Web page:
Chipper Jones Rookie Cards: The Ultimate Collector’s Guide
If you ever saw him play, there should be no surprise as to why Chipper Jones rookie cards are in such high demand.
One of the greatest switch hitters the game has ever seen, he remains a favorite for many collectors.
Like many players of his era, he has several rookie cards across different brands, some rarer than others.
And some can sell for thousands of dollars...
Regardless of value, each of his rookie cards has its own unique story.
And in this guide, we'll discuss everything you need to know about collecting them.
Ross Uitts - Owner
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1991 Bowman #569
Estimated PSA 10 Value: $40
Along with Jim Thome, Edgar Martinez, Mike Mussina, and Ivan Rodriguez, Jones was one of five Hall of Famers to have a rookie in this set.
This card is not nearly as expensive as some of the others on this list but in terms of eye appeal, I think it sits atop them all.
The design and image that Bowman used gives the card a classic look and feel that you might expect from a vintage card from the 1960s.
In fact, when I see this card, I instantly think of the 1965 Topps Mickey Mantle.
Speaking of Mantle, Jones' father was such a huge fan of the Yankee legend that he taught Jones how to switch hit like his idol from a very early age.
1991 O-Pee-Chee #333
Estimated PSA 10 Value: $175
On the surface, this might look like the regular 1991 Topps Jones rookie card.
However, if you turn it over and look at the back along the bottom, you'll find that this version was printed by Topps' Canadian counterpart, O-Pee-Chee.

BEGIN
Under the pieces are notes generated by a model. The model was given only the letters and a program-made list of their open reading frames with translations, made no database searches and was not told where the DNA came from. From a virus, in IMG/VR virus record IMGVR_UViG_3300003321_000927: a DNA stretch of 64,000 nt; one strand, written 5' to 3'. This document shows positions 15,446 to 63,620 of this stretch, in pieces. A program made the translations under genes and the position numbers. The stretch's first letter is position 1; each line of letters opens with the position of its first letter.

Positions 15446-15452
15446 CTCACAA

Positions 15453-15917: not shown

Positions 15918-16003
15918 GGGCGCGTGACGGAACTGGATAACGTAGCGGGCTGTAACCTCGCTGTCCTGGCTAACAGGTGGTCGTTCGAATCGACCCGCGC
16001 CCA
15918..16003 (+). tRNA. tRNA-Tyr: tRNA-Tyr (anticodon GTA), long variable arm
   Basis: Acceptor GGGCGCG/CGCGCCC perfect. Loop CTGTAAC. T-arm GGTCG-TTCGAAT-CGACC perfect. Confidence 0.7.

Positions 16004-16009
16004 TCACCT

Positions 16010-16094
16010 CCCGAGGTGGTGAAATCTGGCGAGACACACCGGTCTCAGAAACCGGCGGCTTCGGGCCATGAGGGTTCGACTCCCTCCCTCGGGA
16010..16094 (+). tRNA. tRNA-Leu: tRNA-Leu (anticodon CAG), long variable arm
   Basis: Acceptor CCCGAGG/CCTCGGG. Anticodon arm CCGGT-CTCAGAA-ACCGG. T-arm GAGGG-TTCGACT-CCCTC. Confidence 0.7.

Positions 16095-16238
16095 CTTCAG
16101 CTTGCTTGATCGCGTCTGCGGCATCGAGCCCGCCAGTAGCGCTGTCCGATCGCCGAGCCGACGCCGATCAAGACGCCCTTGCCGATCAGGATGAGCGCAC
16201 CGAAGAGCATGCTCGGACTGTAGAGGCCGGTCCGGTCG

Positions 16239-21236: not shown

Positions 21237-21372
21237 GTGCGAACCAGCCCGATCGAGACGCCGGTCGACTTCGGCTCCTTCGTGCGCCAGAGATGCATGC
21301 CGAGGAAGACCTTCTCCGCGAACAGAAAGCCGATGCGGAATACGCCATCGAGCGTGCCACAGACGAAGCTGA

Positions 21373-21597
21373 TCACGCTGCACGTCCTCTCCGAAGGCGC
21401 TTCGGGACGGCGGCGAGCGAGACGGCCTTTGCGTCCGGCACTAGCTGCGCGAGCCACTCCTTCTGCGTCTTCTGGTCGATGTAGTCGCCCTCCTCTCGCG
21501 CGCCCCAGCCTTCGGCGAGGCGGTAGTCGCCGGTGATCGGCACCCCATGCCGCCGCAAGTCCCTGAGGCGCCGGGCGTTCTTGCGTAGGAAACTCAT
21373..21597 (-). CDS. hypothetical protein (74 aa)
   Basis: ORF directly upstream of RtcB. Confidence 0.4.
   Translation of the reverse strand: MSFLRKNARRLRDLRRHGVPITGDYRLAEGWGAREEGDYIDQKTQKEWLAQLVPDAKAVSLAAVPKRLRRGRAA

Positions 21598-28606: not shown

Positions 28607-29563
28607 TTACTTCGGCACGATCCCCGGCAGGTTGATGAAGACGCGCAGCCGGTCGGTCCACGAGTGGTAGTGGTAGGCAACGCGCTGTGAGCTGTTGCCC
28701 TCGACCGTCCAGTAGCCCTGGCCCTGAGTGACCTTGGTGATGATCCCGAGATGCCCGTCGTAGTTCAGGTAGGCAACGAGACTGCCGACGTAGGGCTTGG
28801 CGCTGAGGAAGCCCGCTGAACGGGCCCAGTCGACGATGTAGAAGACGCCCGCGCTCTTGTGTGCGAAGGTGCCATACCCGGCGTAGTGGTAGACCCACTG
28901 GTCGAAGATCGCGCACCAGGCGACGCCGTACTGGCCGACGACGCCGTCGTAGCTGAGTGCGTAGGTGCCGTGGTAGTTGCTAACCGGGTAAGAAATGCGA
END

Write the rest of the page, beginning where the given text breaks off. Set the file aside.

Also, you'll find a French translation of the blurb about Jones' achievements and promising career ahead.
And because these cards were printed and distributed in the smaller Canadian baseball card market, there aren't as many high grade examples of them around.
Hence, the large price premium versus their more prevalent Topps counterparts.
1991 Score #671
Estimated PSA 10 Value: $15
You can tell from a mile away that this is a Score baseball card based on the design alone.
The color scheme, the layout, the fonts, the background...this is pure Score through and through.
These cards were so heavily-produced that the market remains flooded with them and that puts a big drag on their value.
You could expect to pay around $15 or so for one of these graded in PSA 10 condition.
1991 Topps #333
Estimated PSA 10 Value: $20
Almost as cheap as his Score rookie card, the 1991 Topps suffered from the same amount of over-production.
Regardless, the design is much better than its Score counterpart, and is one of the most iconic baseball cards from the 1990's.
And if you collect Jones rookie cards then get used to this design because it's everywhere.
The same design is used on the O-Pee-Chee (you saw that earlier), Topps Desert Shield, Topps Micro and Topps Tiffany.
Need a reminder of why the baseball card bubble burst in the late 80s and early 90s?